An unwelcome end to the war? ‘Peace Breaks Out’ by Angela Thirkell (1946)

Review by Clare G:

This book sits in the midst of a series of interlinked stories set in the fictional Barsetshire – a locale self-consciously borrowed by Thirkell from Anthony Trollope. The complex family and social relationships between the characters can prove challenging to follow and most of the cast are presented as mildly amusing caricatures, rather than figures to engage the reader’s emotions or sympathies. Possibly because of the book’s existence within a series, characters rush into the story without sufficient introduction, sometimes becoming a mere sequence of names. The places they inhabit are more fully realised than the people themselves. The settings are in fact vivid and memorable, even when they play little role in the overall story: for example, the home of an artist – who is no more than a satirical supporting character – gets a long, detailed description. Buildings in the book affect and reflect their residents and the strongest impression left by the book is of a world of houses: a landscape of family history imprinted on the buildings and their grounds. The geography is less specific: this is southern England, farming country with a cathedral city, and not too far from London, but – despite the Barsetshire tag – Peace Break Out is not a regional novel.

Thirkell exploits a certain version of Englishness – comfortable, but complaining, polite, middle-class. Class provides much of the humour in the book, though some of it is too complacent to be enjoyable. Best, are the asides about the bishop, who is castigated by several of the characters for his social, as much as his theological failings. The details of the catering arrangements at the palace encapsulate his deficiencies, and his penny-pinching is treated as demeaning to his standing in the community. It is somehow characteristic of Thirkell as a novelist that this shadowy bishop makes a definite impression through being talked about, even though he plays no part as an active character in the novel. The cleverness of her social tapestry is more impressive than Thirkell’s ability to flesh out her main cast, most of whom are much of a muchness, very similar in their backgrounds and world-view. There are servants and workers in Barsetshire, but they don’t have much part to play. There is some astonishment that one of the maids should be called Diana. Then it is revealed that her name is actually Deanna. The world sits back on its axis.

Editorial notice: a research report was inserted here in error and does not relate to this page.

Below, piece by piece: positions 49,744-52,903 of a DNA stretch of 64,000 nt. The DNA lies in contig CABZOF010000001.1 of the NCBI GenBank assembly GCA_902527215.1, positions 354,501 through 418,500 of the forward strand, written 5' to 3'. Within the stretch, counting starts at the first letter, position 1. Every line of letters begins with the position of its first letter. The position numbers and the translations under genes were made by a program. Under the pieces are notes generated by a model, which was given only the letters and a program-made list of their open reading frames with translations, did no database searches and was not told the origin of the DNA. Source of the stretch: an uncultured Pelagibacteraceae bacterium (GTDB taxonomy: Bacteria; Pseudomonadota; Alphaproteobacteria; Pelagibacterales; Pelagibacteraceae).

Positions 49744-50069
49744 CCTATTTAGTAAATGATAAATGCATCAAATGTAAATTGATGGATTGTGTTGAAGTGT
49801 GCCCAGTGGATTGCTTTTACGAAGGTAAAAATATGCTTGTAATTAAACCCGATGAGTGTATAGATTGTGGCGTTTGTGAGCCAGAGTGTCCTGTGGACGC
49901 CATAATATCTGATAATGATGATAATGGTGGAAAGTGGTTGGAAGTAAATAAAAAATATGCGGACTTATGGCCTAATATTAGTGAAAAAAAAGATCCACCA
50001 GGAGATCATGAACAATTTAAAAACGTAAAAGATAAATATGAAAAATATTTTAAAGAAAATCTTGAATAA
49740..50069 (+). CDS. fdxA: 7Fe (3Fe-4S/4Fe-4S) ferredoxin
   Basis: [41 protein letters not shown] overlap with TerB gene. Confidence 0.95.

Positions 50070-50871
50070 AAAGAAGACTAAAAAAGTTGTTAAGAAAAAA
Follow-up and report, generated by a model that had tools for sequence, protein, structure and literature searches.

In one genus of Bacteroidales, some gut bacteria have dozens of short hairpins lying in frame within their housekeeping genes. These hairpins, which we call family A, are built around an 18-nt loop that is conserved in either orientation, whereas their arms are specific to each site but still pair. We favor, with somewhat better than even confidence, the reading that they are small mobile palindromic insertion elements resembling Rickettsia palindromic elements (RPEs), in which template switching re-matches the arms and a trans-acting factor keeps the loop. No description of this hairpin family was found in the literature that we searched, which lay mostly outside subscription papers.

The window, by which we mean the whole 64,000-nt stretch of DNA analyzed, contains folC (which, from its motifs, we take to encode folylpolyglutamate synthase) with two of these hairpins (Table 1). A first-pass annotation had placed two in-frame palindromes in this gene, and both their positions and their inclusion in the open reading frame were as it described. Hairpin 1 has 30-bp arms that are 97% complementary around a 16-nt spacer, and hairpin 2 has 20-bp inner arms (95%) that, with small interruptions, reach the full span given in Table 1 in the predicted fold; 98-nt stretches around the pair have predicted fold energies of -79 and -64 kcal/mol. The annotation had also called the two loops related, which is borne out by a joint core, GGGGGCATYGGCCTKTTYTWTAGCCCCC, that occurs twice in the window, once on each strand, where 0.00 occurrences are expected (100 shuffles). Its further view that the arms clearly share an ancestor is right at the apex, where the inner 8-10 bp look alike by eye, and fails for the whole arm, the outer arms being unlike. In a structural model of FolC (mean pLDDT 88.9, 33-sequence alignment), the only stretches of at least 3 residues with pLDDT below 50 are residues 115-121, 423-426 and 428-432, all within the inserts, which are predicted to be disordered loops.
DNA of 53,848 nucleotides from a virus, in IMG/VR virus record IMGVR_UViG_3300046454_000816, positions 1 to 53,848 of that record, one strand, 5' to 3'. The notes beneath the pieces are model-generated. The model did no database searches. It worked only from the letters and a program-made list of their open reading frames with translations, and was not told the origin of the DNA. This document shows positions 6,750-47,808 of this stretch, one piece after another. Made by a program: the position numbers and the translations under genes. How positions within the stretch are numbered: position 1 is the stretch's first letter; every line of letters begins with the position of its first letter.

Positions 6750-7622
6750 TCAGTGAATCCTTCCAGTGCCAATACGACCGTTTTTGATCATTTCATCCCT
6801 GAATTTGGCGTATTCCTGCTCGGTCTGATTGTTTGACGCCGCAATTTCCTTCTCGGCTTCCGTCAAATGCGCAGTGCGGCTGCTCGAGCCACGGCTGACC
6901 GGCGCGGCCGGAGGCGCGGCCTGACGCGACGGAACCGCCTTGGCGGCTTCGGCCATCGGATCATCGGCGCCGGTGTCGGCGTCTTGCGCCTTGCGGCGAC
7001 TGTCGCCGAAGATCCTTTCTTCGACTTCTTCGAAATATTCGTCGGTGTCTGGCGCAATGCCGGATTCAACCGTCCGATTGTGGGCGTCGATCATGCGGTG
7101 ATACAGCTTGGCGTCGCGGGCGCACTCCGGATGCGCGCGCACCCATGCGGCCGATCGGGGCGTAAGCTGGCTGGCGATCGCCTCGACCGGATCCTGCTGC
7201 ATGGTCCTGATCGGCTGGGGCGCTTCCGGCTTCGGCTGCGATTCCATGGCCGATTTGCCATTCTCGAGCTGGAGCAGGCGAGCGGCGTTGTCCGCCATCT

The prose is often self-indulgent and overwritten, and Thirkell has a tendency to take the reader through events step by step, rather than shaping a narrative through selection and cutting between scenes. The result can be wearying and the characters themselves do little to inspire affection or grab one’s attention. The best of the cast are the older female eccentrics, and there are some enjoyable snipes at the social world of the cathedral close. Some of the younger characters are explicitly defined as shallow and fickle (including in their romantic inclinations), and none of them demonstrates any emotional depth – which makes it difficult to care about what happens to them. It is interesting that two of the male characters have suffered war injuries (only here does the damage of war really make its presence felt), and they treat their disabilities with a remarkable lightness of tone, almost as if the ownership of an artificial foot were a humorous quirk.

The book’s main failing is the absence of a plot. Thirkell merely invites us to go through a series of social encounters, at the end of which – in a somewhat arbitrary fashion – the six young people form into three couples. All this is played out against a self-conscious background of the end of the war – self-conscious, because there is little impression of a convincing setting and of characters acting in an historical context. Instead, people refer a lot to the war and its end, generally in rather unexpected ways, as if they resent the advent of peace, talking about aspects of the war experience in a flippant manner which never quite captures the good-natured sarcasm and self-mockery of many films of the period.

One thought on “An unwelcome end to the war? ‘Peace Breaks Out’ by Angela Thirkell (1946)

  1. It was interesting to find this review, albeit five years after it was written – it just goes to prove the value in the longer term of this 1900-1950 “library”. I agree that the reader feels plunged into the middle of things; but this is because Thirkell was writing at least one book a year at this period and had been writing throughout the war. (The first war-title is Cheerfulness Breaks In.) Perhaps it’s hard for younger readers to realise the lift to morale which middlebrow fiction gave during this period, since self-evidently nobody had the luxury of hindsight! Thirkell is particularly careful to describe in detail the privations of rationing – which amazed her North American readers, even prompting them to send food-parcels – especially as it did not end with the war but if anything became worse for a while as resources were focused on rebuilding British industry. A typical reader of the period would be meeting many of the characters as old friends, or in a few cases enemies. By the time the final novel appeared, posthumously having been completed by C. A. Lejeune, there were 29 which covered a fair old swathe of social history.

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